LONDON: Britain today said a new treaty to send migrants to Rwanda could be ready for ratification “within days” after a court blocked an earlier and controversial agreement as unlawful.
The new treaty, which would then take at least three weeks to be approved by UK lawmakers, follows a Supreme Court ruling yesterday that the current deal between the two countries should not go ahead.
It was a major setback for Prime Minister Rishi Sunak, who is under pressure to reduce irregular immigration to Britain.
Sunak immediately vowed to persevere with the controversial plan by securing a new treaty with Kigali.
A five-judge panel at the UK’s highest court had unanimously sided with an earlier court of appeal decision that the policy to deport asylum seekers and refugees to Rwanda was incompatible with Britain’s international obligations.
The judges agreed it was not a safe third country and there were “substantial grounds” to believe it could forcibly return migrants to places where they could face persecution.
Sunak has announced plans to introduce “emergency legislation” to parliament to designate Rwanda a safe country to end the “merry-go-round” of legal challenges.
“It is ready pretty much now to turn into a treaty that can be done within days – not weeks or months,” interior minister James Cleverly told Sky News today.
He added the legally-binding treaty would stipulate Kigali cannot deport migrants sent from Britain onto other countries which could be deemed dangerous, in a bid to negate the legal concerns.
“We’ve been told by the judges what it is we need to fix in order to get these flights off the ground – we are fixing those things,” Cleverly said in another interview with Times Radio.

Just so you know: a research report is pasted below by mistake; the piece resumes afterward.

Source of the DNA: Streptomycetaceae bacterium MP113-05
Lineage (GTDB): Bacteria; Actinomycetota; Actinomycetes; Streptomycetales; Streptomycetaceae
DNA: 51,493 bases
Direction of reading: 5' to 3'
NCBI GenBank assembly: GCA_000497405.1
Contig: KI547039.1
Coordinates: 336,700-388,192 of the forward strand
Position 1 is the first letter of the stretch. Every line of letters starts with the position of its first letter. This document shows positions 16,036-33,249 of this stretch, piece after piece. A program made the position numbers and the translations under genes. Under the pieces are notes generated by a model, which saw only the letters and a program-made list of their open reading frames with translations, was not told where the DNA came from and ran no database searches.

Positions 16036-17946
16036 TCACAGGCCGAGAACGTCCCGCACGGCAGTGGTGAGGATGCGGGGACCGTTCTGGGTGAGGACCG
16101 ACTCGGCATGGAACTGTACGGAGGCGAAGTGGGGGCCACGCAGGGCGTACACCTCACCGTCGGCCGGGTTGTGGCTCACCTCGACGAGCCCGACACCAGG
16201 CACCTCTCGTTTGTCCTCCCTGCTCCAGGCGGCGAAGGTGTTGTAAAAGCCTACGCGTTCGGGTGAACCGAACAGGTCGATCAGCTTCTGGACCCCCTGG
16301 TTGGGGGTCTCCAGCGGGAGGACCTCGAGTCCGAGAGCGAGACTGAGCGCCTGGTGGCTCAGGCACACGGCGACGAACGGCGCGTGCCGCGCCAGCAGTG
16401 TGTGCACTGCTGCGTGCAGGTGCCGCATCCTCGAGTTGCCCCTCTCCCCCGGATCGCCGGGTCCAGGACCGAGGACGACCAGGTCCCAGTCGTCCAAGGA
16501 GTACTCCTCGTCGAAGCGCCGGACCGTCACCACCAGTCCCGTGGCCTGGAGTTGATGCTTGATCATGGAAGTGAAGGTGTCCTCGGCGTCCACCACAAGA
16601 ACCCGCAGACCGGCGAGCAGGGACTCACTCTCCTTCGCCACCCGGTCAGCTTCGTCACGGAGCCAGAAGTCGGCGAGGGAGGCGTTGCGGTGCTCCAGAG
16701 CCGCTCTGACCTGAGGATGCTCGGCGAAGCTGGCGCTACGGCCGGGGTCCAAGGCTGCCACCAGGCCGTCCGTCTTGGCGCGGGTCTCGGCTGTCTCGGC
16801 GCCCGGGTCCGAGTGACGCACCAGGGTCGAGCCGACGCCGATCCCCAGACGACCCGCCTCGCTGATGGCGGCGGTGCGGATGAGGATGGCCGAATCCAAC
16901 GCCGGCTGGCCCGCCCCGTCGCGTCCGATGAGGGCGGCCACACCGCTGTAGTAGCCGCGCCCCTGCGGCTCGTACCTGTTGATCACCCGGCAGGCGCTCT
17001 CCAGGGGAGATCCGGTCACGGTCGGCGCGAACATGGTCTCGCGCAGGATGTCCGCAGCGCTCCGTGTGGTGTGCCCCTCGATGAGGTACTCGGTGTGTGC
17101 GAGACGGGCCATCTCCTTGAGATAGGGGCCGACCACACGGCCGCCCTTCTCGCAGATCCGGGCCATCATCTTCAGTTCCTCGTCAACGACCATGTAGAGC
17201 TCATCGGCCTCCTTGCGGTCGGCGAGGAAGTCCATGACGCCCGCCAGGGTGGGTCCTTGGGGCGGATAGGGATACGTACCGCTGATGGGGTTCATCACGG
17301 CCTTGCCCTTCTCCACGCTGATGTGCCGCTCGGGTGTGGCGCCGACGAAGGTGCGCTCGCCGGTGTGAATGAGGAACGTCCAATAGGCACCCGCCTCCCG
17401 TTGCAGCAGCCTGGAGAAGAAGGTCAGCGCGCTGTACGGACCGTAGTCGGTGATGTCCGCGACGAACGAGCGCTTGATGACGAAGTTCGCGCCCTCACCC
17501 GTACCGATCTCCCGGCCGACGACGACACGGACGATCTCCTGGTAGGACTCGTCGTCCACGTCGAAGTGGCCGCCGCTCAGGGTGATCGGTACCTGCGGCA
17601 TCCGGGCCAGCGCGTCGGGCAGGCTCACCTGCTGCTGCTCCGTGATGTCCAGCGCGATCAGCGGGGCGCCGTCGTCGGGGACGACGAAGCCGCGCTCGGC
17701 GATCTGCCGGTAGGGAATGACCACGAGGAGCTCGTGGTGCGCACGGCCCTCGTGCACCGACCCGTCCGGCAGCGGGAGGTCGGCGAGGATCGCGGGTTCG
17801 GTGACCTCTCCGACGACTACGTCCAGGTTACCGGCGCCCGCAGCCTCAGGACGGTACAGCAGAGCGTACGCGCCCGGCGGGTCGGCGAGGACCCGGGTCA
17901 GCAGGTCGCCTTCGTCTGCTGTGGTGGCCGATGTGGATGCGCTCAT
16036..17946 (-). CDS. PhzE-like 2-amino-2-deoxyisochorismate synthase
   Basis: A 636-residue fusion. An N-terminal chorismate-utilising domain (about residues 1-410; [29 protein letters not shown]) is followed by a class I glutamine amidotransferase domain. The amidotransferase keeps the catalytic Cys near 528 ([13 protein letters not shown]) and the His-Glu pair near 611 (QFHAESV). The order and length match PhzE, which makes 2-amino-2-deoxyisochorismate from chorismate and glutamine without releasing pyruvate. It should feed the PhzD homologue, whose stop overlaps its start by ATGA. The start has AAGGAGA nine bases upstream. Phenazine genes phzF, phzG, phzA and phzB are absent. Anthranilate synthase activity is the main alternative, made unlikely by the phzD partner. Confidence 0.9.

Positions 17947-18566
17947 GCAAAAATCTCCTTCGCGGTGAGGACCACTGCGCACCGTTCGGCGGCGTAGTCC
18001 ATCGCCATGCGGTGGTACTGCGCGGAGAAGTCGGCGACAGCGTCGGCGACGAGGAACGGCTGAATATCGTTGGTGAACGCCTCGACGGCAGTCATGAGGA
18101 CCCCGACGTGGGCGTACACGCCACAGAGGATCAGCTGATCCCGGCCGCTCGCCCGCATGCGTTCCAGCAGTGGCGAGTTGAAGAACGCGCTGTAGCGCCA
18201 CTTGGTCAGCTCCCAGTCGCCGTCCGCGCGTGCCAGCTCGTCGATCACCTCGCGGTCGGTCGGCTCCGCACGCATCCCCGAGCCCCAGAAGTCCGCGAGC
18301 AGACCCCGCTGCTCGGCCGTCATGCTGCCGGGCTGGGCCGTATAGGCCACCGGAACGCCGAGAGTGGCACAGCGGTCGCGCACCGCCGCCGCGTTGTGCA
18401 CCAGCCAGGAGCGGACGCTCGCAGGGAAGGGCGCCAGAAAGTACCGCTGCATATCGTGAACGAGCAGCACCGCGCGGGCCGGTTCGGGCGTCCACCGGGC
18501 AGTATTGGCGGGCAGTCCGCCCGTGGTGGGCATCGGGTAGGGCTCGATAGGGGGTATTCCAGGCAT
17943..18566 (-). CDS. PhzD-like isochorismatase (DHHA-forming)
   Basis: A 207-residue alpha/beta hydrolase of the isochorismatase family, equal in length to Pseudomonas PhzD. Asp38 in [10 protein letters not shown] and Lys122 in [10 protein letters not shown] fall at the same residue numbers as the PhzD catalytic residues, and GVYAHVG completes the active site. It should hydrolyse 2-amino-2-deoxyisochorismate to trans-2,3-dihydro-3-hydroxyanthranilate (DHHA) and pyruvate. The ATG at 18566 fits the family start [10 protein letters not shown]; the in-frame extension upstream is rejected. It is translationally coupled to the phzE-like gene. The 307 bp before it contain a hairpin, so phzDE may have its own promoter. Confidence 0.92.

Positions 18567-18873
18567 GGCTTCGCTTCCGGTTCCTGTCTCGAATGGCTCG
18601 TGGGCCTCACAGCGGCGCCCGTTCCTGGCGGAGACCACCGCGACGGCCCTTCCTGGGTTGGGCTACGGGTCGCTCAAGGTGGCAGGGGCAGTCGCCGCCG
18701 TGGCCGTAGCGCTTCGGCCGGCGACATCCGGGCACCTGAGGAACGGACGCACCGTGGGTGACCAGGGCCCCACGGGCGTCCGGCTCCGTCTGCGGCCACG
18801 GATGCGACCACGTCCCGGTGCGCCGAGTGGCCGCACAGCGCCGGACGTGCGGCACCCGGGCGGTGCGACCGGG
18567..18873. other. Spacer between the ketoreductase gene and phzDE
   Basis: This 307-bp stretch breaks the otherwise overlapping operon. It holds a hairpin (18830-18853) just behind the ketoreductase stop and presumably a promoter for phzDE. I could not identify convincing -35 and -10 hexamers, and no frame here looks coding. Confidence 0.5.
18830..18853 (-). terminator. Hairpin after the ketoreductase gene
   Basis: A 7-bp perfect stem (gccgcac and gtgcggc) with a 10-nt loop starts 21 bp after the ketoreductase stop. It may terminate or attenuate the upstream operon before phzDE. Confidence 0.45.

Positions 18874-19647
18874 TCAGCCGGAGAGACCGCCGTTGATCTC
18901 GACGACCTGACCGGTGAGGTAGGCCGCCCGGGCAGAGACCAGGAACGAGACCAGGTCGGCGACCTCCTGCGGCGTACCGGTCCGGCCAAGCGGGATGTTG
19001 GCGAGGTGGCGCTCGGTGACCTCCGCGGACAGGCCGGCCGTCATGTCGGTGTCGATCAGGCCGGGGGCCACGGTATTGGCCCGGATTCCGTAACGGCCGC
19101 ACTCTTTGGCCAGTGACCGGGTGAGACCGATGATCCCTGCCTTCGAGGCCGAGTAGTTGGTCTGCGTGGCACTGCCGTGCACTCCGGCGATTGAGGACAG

The Migration and Economic Development Partnership agreed in April last year envisages sending to Rwanda anyone who has made what London calls “dangerous or illegal journeys” to Britain on boats and hidden in lorries.
The first deportees were aboard a plane to fly to the African country in June 2022 when a last-minute ECHR injunction prevented any deportations, prompting the legal challenges.
The government insists the scheme is crucial to deter “illegal” immigration across the Channel from France on inflatable vessels – an emotive issue set to feature prominently in the next general election.
More than 27,000 have made the perilous journey this year – down on the nearly 46,000 who crossed in 2022, but still far short of meeting Sunak’s vow to “stop the boats”.
The Supreme Court decision has exposed rifts in the ruling Conservative party over the issue, and is set to prompt a renewed push from right-wingers for withdrawal from the European Court of Human Rights (ECHR).
Sunak said yesterday that if the court “chooses to intervene against the express wishes of parliament, I am prepared to do what is necessary to get the flights off”.
But in his interviews, Cleverly noted that Britain’s “preferred option” was to remain in the ECHR.
“We don’t think we’re going to need to (leave),” he said.